In contrast, I still remember under which exact circumstances I got most items for my Warlock in EQII’s Rise of Kunark expansion. The Tormented Bracelet of Doom, for example. This could only drop from a contested named mob in Kunzar Jungle, Doom. I would swing by his turf every time I started playing and look if he was there. He was pretty sturdy and hit very hard, fighting him solo was a tough challenge. On the day he finally dropped his bracelet the fight was particularly close, I beat him with just a sliver of health left myself. I was overjoyed to finally get it, so much so that I still remember now, about ten years later, that it gave +4% to crit chance and +17 spell damage at the time without looking it up.

Being a Dark Elf Warlock I probably should have been friends with this Ancient Evil. Unfortunately for him I wanted his bracelet really bad…

This made me realize that when it comes to item acquisition I actually prefer the much more random approach of yore. For me token and currency systems took pretty much everything that’s fun about getting better gear away.

Then there’s gear upgrading as seen in ArcheAge and Black Desert Online, among others. This seems to be an Asian thing, basically not being able to use an item right after getting it because it has to be heavily upgraded first to become effective. Chance plays a huge role here too.

I passionately hated ArcheAges’s system, which involved so much RNG and so severe consequences when failing that it made the whole thing downright hostile.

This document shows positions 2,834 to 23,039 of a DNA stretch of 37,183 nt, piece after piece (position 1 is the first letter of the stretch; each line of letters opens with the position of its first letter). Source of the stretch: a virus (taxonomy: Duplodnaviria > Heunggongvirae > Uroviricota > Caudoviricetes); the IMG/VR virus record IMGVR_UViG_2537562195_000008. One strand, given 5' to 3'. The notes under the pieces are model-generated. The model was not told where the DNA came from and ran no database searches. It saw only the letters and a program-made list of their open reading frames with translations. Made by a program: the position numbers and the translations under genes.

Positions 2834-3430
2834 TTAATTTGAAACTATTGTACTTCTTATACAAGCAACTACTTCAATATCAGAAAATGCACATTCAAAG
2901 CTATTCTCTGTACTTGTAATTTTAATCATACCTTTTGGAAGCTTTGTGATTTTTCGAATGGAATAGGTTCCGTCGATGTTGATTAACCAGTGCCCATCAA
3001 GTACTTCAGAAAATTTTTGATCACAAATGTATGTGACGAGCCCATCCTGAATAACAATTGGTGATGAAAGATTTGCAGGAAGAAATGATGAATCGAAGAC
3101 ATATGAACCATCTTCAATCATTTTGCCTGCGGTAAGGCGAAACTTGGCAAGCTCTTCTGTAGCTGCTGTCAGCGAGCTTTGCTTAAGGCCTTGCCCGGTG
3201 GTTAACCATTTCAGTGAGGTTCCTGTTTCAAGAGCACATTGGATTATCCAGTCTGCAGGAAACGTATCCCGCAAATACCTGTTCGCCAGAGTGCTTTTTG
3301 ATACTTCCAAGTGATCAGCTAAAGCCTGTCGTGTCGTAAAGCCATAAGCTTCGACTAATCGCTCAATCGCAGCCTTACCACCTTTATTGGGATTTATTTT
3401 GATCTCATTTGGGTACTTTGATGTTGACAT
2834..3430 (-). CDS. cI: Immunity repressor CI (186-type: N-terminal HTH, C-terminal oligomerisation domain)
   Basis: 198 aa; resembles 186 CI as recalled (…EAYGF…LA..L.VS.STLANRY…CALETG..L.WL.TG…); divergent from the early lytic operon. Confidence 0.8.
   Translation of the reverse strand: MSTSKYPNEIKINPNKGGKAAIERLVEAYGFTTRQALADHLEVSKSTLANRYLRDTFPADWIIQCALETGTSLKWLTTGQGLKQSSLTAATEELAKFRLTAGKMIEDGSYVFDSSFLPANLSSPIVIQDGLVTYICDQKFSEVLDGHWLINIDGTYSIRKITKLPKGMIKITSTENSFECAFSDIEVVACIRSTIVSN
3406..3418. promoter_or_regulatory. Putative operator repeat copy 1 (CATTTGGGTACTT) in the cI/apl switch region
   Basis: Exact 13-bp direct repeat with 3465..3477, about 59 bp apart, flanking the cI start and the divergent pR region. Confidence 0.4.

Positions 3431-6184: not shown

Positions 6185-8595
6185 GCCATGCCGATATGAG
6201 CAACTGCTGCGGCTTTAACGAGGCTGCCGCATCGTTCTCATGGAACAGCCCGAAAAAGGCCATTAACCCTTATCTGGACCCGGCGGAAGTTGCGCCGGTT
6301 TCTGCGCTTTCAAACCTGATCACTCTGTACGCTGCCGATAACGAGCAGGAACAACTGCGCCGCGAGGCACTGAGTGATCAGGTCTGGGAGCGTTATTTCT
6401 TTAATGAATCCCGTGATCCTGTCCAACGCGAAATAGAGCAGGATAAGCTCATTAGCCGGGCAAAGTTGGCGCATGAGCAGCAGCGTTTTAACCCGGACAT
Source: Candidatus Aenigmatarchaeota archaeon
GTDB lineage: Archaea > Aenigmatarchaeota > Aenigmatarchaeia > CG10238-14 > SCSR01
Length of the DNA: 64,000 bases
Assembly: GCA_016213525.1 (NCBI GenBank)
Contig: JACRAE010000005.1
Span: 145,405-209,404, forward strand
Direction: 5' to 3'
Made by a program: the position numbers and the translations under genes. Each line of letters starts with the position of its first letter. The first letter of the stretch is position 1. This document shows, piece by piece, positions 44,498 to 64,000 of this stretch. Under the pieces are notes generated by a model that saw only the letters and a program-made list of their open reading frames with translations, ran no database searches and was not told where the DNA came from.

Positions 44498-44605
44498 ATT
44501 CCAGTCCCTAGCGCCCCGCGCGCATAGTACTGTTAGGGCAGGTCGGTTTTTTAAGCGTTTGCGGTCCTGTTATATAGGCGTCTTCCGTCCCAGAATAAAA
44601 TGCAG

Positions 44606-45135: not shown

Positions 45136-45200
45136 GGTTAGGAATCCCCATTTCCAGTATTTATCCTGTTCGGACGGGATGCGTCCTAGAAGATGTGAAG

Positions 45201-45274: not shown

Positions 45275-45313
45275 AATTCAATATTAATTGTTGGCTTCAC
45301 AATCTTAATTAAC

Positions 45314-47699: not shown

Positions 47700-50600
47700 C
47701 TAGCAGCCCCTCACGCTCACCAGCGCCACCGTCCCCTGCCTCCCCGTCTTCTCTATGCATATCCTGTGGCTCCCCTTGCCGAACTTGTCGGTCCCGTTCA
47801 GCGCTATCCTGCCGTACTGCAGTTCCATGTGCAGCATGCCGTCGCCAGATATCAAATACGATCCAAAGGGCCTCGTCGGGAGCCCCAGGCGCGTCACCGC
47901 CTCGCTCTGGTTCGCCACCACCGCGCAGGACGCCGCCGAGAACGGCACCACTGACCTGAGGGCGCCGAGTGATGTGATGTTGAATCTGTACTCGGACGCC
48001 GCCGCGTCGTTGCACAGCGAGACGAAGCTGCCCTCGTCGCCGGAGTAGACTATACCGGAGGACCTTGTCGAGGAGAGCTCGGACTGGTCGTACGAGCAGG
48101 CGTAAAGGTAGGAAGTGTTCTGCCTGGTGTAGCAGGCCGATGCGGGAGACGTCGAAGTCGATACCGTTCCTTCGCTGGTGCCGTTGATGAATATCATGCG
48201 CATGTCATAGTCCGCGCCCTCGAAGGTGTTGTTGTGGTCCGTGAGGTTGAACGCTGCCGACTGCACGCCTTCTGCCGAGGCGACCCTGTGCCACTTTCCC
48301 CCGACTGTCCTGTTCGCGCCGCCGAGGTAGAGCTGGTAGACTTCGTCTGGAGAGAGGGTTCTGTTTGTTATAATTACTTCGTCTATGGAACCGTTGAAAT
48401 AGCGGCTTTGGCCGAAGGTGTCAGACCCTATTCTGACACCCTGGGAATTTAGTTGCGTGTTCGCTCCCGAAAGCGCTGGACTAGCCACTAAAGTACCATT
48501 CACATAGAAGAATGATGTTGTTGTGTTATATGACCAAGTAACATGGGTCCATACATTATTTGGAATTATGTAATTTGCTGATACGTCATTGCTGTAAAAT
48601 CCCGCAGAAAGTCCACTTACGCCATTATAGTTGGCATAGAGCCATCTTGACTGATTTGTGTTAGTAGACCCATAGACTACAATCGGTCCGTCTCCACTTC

The RNG ‘fun’ began well before the upgrading part. When crafting armor or weapons the outcome in terms of stats was completely random, and most versions couldn’t even be crafted further to higher tiers at all, forcing you to start over.

The real pain started once you had managed to get your desired base item though: the regrading system. This boosted the stats of an item while keeping basic properties intact. From the second tier onward (of which there were twelve!) there was a good chance to fail an attempt. From fifth tier there was an added chance to downgrade by one tier if you failed. From seventh tier you could downgrade two tiers with one fail. From eighth tier onward you could lose the whole item. With every tier upgrade an item gained exponentially more power than with the previous one, making top tier items godly powerful, so just not doing it wasn’t really an option. I quit the game mainly because of this crap.

ArcheAge_Bow
Ironically not long after getting this. Should have quit much sooner though.

Black Desert has a system that works similar in outline, but is much, much more forgiving. I’m actually having quite some fun with it, though one important reason for that is the fact that the game keeps handing out upgrade materials, silver and lots of other stuff for free on a daily basis. This lessens the feeling of loss immensely when failing a couple of times.

In conclusion, RNG elements in MMOs can be extremely frustrating to the point of ruining a game as a whole for me. When done right though they are not only ok, they can actually enrich the experience by giving achieved goals much more gravitas.

Your mileage may vary of course.